The new headquarters of the game development company Supercell is part of the unique Wood City block in the Jätkäsaari district of Helsinki. For this project, SRV, Stora Enso and Sweco have developed new solid wood structures together that lead the way in sustainable urban construction.
In addition to the new Supercell headquarters, the EUR 100 million Wood City block, due to be finished in 2021, consists of two wooden residential buildings, parking facilities and a hotel. The wooden office complex developed jointly by SRV, Stora Enso and Sweco has generated a lot of interest in the field.
”It is a joint effort towards a new type of construction and an example of how things can be done differently,” explains Maija Tiainen, project manager of wooden structure design at Sweco. The architectural designs of Wood City are secret, but it should come as no surprise that the Supercell headquarters is far from your average office. ”The building will include a variety of team working spaces and functionalities, and it could be compared to a shopping centre, for example!”
For SRV, it is the largest wooden construction project yet, even though the company continuously has over 50 ongoing project sites around Finland. ”The significance of the office tower is increased by its future user and its location as a landmark when entering Jätkäsaari,” emphasises Development Director Antti Aaltonen, from SRV’s construction business.
From the start, the purpose of the project was to create a new flagship for wood construction, as this is the first wooden office building of this scale in Finland. ”I believe that companies and employees alike have learnt a great deal from the project,” states Business Development Manager Antto Kauhanen from Stora Enso Wood Products. ”It is great that an entire block can be built in the heart of Helsinki from solid wood.”
Innovative wood construction in the spirit of an alliance
The biggest challenge facing the design of the wooden office tower was the lack of references. Several structural solutions were considered before it was decided that the 8-storey office building would be built using pillar beam elements of LVL plywood stiffened with concrete shafts and adaptable bolting. A completely new LVL production line was established at Stora Enso’s factory in Varkaus.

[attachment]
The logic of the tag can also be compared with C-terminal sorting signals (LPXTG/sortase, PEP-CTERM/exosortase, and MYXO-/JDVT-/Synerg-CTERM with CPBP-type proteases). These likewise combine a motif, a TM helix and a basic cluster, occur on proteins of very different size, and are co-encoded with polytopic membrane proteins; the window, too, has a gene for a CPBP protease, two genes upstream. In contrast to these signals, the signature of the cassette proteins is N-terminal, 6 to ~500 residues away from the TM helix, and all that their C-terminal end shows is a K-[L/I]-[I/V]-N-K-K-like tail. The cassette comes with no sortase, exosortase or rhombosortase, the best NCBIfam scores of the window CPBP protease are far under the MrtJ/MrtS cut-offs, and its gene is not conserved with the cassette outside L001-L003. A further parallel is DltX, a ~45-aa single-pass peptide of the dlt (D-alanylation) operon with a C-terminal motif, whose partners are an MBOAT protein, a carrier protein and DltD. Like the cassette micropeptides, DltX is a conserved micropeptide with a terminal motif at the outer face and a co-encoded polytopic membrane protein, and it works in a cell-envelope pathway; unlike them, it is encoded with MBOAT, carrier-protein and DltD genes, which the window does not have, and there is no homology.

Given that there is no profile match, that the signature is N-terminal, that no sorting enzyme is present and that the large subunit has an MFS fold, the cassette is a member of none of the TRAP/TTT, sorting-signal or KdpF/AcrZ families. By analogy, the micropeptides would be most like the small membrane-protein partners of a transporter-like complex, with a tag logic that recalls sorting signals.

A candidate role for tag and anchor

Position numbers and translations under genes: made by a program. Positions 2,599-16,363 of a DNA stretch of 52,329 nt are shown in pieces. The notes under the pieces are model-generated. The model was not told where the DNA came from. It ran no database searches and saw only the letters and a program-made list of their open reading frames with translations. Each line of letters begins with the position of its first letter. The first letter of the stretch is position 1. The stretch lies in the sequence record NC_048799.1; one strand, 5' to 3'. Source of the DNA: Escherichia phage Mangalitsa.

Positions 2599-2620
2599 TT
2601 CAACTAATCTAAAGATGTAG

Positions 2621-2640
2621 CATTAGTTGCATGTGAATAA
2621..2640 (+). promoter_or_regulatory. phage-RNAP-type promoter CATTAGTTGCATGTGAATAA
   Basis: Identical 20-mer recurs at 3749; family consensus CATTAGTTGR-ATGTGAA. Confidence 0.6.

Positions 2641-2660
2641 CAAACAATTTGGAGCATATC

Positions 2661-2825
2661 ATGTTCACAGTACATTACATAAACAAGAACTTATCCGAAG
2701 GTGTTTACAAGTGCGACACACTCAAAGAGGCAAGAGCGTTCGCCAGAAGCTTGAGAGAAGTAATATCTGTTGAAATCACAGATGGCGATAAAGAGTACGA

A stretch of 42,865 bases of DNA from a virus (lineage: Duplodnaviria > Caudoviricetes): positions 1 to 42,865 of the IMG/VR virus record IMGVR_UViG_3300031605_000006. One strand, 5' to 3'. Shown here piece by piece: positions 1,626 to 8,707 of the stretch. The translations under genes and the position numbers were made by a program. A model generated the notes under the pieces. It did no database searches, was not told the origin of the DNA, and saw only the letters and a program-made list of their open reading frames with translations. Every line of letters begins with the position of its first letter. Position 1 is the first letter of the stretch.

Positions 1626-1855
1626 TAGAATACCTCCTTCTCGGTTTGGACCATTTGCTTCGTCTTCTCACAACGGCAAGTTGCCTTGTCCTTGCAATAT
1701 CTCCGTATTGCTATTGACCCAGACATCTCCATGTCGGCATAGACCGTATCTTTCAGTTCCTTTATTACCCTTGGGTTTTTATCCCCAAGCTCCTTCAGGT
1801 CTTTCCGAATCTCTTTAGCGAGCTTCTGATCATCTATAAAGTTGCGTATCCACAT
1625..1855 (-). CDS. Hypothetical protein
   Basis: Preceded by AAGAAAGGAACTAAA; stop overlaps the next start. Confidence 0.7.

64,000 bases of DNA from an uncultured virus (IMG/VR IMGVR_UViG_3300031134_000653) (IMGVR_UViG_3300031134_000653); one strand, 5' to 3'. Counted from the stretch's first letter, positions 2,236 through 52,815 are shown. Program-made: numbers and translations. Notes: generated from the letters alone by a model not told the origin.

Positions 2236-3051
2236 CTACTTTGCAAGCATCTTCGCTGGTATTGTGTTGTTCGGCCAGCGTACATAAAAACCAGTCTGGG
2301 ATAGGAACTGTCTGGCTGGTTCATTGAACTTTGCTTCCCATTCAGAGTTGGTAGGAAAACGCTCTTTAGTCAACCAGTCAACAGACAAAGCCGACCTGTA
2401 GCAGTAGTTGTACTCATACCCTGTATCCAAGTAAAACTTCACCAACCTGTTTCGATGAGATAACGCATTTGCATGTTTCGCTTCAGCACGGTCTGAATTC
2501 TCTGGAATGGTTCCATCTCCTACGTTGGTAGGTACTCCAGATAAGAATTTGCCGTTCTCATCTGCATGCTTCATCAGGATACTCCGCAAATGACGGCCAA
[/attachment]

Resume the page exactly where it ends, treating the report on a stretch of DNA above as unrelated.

”Initially we had no standardised design values to work with, and structural designers had to make a lot of assumptions. Luckily, we had sufficient resources and top professionals reacted quickly to changes,” Kauhanen says. ”Sweco’s structural designers had a central role in developing the office complex.”
An exceptional amount of modifications were required. ”Our job was to coordinate the client’s wishes with the site schedules, which was not a simple task. Communication was of utmost importance,” Tiainen says. ”We actively guided the operation with the help of Last Planner, for instance.”
Good team spirit was also evident in Supercell’s design management and in how they took care of the contractors. ”Supercell has high ambitions for creating the world’s best working environment, and they also wanted to motivate each person on site to do their best,” Aaltonen says. “Although it was a turnkey project, our cooperation was like an alliance.”
Using wood can cut construction emissions by half
At the end of 2019, Stora Enso published its new wooden office concept that was developed using experiences gained in the Wood City project. It all builds from the company’s values.
”Responsibility is among our most important values and we want to offer an ecologically sustainable alternative to the field,” Kauhanen states. ”Wood is used to create healthy and long-lasting buildings that also have architectural and structural value.”
SRV is a material-neutral company and sustainable values are evident in minimising wastage in construction. ”Wood City proves that using wood is one way of optimising processes and cutting down waste. It also acts as an example of how to succeed in demanding wooden construction,” Aaltonen summarises.
Wooden construction is an efficient way for municipalities and companies to achieve their carbon-neutral objectives. The benefits of wood are emphasised in densely built environments like Jätkäsaari.
”A large number of the lightweight but strong wood elements can be transported at once, reducing transport, their costs and emissions,” Kauhanen says. Prefabricated wood elements can also be delivered at the site at the exactly correct time. “Using wood can cut construction emissions by half.”